Health and Safety Guide to Working Outside this Winter
As an organisation you may have staff members who are required to work outside as part of their duties, and as their employer it is your responsibility to manage their health and safety in cold conditions. If winter working outdoors cannot be avoided, the amount of time spent outside should be reduced and a suitable and sufficient risk assessment carried out.
Get the Right Personal Protective Equipment
To help protect employees from the effects of cold weather when working outside and reduce the likelihood of an accident occurring, employers need to ensure that employees are provided with suitable PPE as identified within the risk assessment, including:
- Gloves, thermals, hats, coats, safety footwear and high visibility vests/ jackets.
- It is not advised that employees wear hoods under their hard hat because this reduces visibility and movement leading to an increased risk of an accident occurring.
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Winter Working | The Big Chill
Employees working outside should be provided with facilities to allow them to warm up, this should include the provision of making hot drinks and having somewhere to rest as well as increased rest breaks. Employees who are exposed to winter working and low temperatures can lose more heat than can be generated if they are not moving much, which can cause them to suffer hypothermia and lead to the brain not performing correctly resulting in an increased likelihood of an accident occurring.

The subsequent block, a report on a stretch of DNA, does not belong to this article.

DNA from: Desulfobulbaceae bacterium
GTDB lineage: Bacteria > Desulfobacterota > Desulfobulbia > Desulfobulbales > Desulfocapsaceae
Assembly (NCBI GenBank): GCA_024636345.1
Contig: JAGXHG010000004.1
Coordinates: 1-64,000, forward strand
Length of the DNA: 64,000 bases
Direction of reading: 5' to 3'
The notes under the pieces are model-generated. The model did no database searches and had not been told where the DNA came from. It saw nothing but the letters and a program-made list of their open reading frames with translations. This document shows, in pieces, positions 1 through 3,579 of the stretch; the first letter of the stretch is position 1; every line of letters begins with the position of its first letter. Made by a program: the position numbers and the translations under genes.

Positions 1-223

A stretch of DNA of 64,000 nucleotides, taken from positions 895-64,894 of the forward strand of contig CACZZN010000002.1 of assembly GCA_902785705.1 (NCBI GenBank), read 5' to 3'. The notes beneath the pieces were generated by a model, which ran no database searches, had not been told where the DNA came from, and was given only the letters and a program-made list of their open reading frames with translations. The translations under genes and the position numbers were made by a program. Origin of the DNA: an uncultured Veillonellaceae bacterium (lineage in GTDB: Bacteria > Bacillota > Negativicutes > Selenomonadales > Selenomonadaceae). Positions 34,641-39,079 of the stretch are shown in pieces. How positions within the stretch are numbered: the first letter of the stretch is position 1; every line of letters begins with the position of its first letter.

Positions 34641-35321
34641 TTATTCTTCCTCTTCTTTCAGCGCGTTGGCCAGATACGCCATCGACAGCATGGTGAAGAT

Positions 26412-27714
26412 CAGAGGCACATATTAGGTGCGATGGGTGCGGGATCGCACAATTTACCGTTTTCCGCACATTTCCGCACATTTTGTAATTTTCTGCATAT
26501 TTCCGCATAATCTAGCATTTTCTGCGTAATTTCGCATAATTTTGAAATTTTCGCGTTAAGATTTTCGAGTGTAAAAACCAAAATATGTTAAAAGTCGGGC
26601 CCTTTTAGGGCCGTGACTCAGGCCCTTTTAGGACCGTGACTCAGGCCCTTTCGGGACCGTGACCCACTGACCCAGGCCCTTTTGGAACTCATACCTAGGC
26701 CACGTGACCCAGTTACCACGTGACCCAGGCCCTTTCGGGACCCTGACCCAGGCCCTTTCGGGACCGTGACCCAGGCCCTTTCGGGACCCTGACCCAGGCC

Wind chill can have a detrimental effect on employees causing an even greater heat loss. Ensure that employees are wearing the correct clothing to protect against the impact of wind chill and they are made of suitable material to keep them dry. Ideally the workwear supplied should be made up of different thermal and lining layers that can be easily removed and added when the weather and temperature changes.
Prevent Slips and Trips at Work
In the winter months more accidents are reported to the HSE involving a slip, trip or fall. There are a number of factors that can contribute to these accidents including limited lighting, muddy and icy footpaths.
To protect your employees and others working on or visiting your premises from a slip or a trip ensure that you use an effective grit salt when ice, snow or heavy frost has been forecast. It does not work straight away however so paths and walkways must be gritted either the night before or early in the morning before staff arrive which gives the salt a chance to dissolve the icy patches. Alternatively, you can eliminate the need for pedestrians to walk over certain areas by cordoning it off with cones or barriers.
To minimise water and/or snow being taken into the premises from the sole of the shoes place a non-slip mat at the entrance to allow employees and visitors to wipe their feet upon entry.
Winter Working & Driving
In winter when temperatures drop and there’s ice or snow on the roads, or if there is reduced visibility because of limited day light, heavy rain or fog, the risk of driving accidents increases.
On our online portal Wirehouse clients can access driving risk assessment templates bespoke to many different industries, as well as vehicle inspection checklist templates to help compliance with your health and safety duty of care.
Not a Wirehouse client? We can help with guidance relating to winter working and safety procedures for employees. Get in touch with one of our expert Health and Safety Consultants today.